In Vain – Currents

The five years that have passed since the release of Ænigma (2013) likely mean that the window of opportunity for In Vain and their phenomenal third outing to become anything more than curious blips on the progressive metal radar. Had the band come back in full force following that most…

Against the Grain – Cheated Death

For many who explore the crevasses of extreme music, “rock” is a word that has some not-so-good connotations. Like, “this shit is guaranteed to be boring” connotations. Let’s take a quick look at what’s likely the two biggest offenders to the name of rock. There’s no question that the poor…

Ataraxy – Where All Hope Fades

Death-doom is having a bit of a moment. Developed from the initial undercurrent of the works of Incantation, Asphyx, Decomposed, Katatonia, and diSEMBOWELMENT, the little subgenre that could has produced some of metal’s best and most consistent bands. Hooded Menace and Hamferð have already released two of 2018’s best records,…

Genocide Pact – Order of Torment

Somewhere, right now, the members of Incantation are looking at the rising crop of extreme metal bands and realizing their moment has finally come – Bandcamp referred to them once as death metal’s equivalent of The Velvet Underground & Nico and it’s impossible to disagree in the current moment. Belated appreciation of their…

Novareign – Legends

There’s a special place in heaven reserved for albums who don’t waste their listeners time. Skipping over intro tracks and getting right to the point, these albums want you to know exactly what they’re about, no frills or special announcements necessary. This works especially well for anything extreme, as the sheer shock of an album just exploding into over the top life can be a magnificent feeling. This is very much the case with Novareign’s Legends. These power metal enthusiasts hailing from California waste no time with their debut album, immediately diving into a mass of riffs, powerful vocals and galloping bass. The rest of the album rides on the momentum of these initial notes to create one of the best releases in the traditional metal revival that’s been going on for the past few years (and on which we posted in length not two hours ago).

Fu Manchu – Clone of the Universe

Fu Manchu are one of the most reliable brands in rock’n’roll. Dependable, quality, and always there for all your fuzzed-the-hell-out riffing needs. After eleven albums over nearly 25 years, their staying power is proven and justified. You’ve done something right if you’ve survived this long. Pickier listeners might gripe about…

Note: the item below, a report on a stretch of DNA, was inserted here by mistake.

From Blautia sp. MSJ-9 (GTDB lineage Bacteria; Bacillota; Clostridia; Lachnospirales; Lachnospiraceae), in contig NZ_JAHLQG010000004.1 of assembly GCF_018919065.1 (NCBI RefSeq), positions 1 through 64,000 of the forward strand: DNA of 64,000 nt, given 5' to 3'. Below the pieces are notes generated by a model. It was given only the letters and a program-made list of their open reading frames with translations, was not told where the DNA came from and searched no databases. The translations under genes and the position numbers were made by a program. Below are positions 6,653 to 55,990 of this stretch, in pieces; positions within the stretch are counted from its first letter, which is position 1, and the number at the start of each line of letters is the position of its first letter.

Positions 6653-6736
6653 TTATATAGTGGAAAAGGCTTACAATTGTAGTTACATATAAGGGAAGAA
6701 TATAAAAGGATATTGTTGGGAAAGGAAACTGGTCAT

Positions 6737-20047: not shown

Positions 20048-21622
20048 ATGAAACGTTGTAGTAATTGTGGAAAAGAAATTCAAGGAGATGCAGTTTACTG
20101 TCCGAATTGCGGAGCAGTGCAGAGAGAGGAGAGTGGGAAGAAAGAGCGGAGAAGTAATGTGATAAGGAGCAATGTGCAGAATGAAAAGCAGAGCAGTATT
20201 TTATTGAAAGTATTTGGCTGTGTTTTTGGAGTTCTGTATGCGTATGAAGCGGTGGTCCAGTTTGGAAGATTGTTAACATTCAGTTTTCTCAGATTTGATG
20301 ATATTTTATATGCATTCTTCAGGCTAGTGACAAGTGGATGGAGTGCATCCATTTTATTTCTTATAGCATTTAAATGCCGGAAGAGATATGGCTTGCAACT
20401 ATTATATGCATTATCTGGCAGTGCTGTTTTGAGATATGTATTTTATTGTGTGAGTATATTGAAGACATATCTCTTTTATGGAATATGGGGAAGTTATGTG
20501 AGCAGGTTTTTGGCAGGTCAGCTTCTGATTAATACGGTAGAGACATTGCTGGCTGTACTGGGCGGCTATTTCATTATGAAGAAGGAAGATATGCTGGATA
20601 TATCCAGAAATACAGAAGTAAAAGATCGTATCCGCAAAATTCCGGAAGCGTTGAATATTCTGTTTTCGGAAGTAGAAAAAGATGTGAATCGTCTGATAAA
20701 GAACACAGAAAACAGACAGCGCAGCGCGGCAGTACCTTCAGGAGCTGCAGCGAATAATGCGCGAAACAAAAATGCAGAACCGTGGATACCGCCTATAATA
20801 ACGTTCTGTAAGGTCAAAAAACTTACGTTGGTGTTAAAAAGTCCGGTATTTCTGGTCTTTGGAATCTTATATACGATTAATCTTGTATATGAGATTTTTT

Visigoth – Conqueror’s Oath

On the surface, there’s not much to say about Visigoth other than “yeah, they’re pretty good.” Formed in 2010, they’re one of the bands at the forefront of the New Wave of Traditional Metal movement (more on that from Eden and myself in a couple days), fitting comfortably into the classics-reviving zeitgeist…

Long Distance Calling – Boundless

When comes the time for experimentation to cease? Should some bands stop mutating their sound at some point and settle in? And if the answer is “yes” to either of these questions, how can they know when it comes? These questions probably don’t have an answer and all we can do is try and look at examples of different choices and timings and glean something from the tale. Long Distance Calling is a fantastic, if somewhat beguiling, example. Through their career, they’ve been known from not being afraid of changing things up. Their latest release, Trips, was an immense departure from their established sound, with influences from brit-rock and pop coming in with the addition of Petter Carlsen on vocals. But now, Carlsen has departed and it seems as if Long Distance Calling, perhaps borne aloft by their insatiable desire for new, have rather gone backwards.

Cabal – Mark Of Rot

At the rate things go in and out of fashion these days, small outcrops of tonally similar artists will always be around either too early or too late for their big moment. Not their fault. Fans will turn on bands and whole genres quicker than a Trump tweet turns into a meme. Cabal aren’t in or out of vogue, but the symphonic, snail pace beatdown sound definitely has it’s moments. The Danes drop tune their strings and slow down their chugs to an almost sadistic tempo, diving in and out of djeathcore tropes and a handful of clichés too. And that’s okay, Mark Of Rot is interesting enough to not turn off after the first of many bass drops.